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Curr Opin Hematol. 2004 Nov;11(6):405-10.

Interleukin-18: recent advances.

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Department of Internal Medicine, University of Michigan Comprehensive Cancer Center, Ann Arbor, Michigan 48109-0942, USA.



Interleukin-18 (IL-18) has potent immunomodulatory effects. It is the only cytokine with a unique capacity to induce T helper 1 or T helper 2 polarization, depending on the immunologic context. Serum levels of IL-18 are increased in many human diseases and it has been implicated in the pathogenesis of several immune-mediated processes. Some of the recent key advances in the immunobiology of IL-18 are discussed in this review.


Recent data from several laboratories have shed light on the structure of IL-18; the signaling cascades that are initiated; and its role on modulating T cells, dendritic cells, and natural killer cell function. Several new reports have expanded and delineated the role of IL-18 in a multitude of diseases, but only recent advances in the role of IL-18 in three disease processes (acute graft-versus-host disease, insulin-dependent diabetes, and sepsis), where it appears to play paradoxic roles are discussed.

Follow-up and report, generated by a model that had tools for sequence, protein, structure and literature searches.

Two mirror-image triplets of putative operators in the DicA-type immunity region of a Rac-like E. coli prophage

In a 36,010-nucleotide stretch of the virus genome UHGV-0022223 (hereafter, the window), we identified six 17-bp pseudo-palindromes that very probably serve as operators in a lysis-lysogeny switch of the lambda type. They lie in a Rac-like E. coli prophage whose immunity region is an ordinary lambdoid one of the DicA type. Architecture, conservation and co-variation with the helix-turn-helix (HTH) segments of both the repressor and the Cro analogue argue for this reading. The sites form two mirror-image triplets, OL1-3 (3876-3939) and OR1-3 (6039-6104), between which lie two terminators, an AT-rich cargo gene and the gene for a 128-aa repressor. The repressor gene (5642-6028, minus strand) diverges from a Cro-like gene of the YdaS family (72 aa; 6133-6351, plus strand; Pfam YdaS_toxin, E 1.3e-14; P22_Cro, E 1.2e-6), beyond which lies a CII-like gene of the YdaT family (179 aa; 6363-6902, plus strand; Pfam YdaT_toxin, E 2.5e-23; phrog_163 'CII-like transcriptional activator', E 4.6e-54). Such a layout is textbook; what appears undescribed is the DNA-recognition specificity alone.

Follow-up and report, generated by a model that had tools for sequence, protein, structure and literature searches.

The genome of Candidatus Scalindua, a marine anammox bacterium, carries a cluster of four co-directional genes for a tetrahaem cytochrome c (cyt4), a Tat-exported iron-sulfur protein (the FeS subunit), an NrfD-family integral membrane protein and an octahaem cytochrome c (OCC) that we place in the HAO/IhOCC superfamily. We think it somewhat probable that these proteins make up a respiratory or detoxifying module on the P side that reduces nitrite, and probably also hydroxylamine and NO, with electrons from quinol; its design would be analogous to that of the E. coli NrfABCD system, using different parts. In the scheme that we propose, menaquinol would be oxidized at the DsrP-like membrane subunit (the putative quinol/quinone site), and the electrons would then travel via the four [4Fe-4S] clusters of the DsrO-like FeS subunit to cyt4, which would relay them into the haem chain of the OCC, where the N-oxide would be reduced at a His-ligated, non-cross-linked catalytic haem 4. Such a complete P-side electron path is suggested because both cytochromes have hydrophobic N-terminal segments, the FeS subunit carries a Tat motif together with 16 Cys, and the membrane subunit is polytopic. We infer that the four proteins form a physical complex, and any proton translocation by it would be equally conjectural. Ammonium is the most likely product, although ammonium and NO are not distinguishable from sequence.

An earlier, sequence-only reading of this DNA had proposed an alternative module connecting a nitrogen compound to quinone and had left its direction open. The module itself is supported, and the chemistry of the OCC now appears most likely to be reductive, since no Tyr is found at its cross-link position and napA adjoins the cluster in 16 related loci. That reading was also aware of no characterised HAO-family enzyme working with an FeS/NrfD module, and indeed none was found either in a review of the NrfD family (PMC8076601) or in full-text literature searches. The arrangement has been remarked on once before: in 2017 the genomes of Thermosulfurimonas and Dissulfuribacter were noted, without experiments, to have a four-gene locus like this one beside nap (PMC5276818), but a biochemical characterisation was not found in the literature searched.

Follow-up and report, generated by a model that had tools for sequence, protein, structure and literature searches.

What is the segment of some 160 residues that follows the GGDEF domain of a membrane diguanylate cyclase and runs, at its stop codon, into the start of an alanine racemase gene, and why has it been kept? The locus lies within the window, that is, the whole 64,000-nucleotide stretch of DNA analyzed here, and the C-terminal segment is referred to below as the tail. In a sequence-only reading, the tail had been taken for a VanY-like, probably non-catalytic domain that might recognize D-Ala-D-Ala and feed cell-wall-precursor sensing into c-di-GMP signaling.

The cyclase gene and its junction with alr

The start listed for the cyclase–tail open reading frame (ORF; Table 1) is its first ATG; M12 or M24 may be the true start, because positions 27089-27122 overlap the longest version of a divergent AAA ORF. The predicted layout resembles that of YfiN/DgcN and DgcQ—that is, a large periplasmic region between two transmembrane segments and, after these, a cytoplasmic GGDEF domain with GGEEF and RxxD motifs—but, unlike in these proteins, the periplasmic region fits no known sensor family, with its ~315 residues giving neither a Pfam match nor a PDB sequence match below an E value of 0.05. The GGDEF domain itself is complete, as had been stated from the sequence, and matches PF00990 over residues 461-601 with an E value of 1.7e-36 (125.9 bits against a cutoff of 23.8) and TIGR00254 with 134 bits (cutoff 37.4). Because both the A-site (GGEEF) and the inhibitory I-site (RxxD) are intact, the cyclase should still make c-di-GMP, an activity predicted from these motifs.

Although emerging data shed more light on the complex role of IL-18 in immune reactions, they also pose more questions. Given the pleiotropic, complex, and at times paradoxic effects of IL-18 in various disease processes, better understanding of its immunobiology might lead to the development of IL-18 and/or its antagonists as therapeutic agents against immune-mediated diseases.

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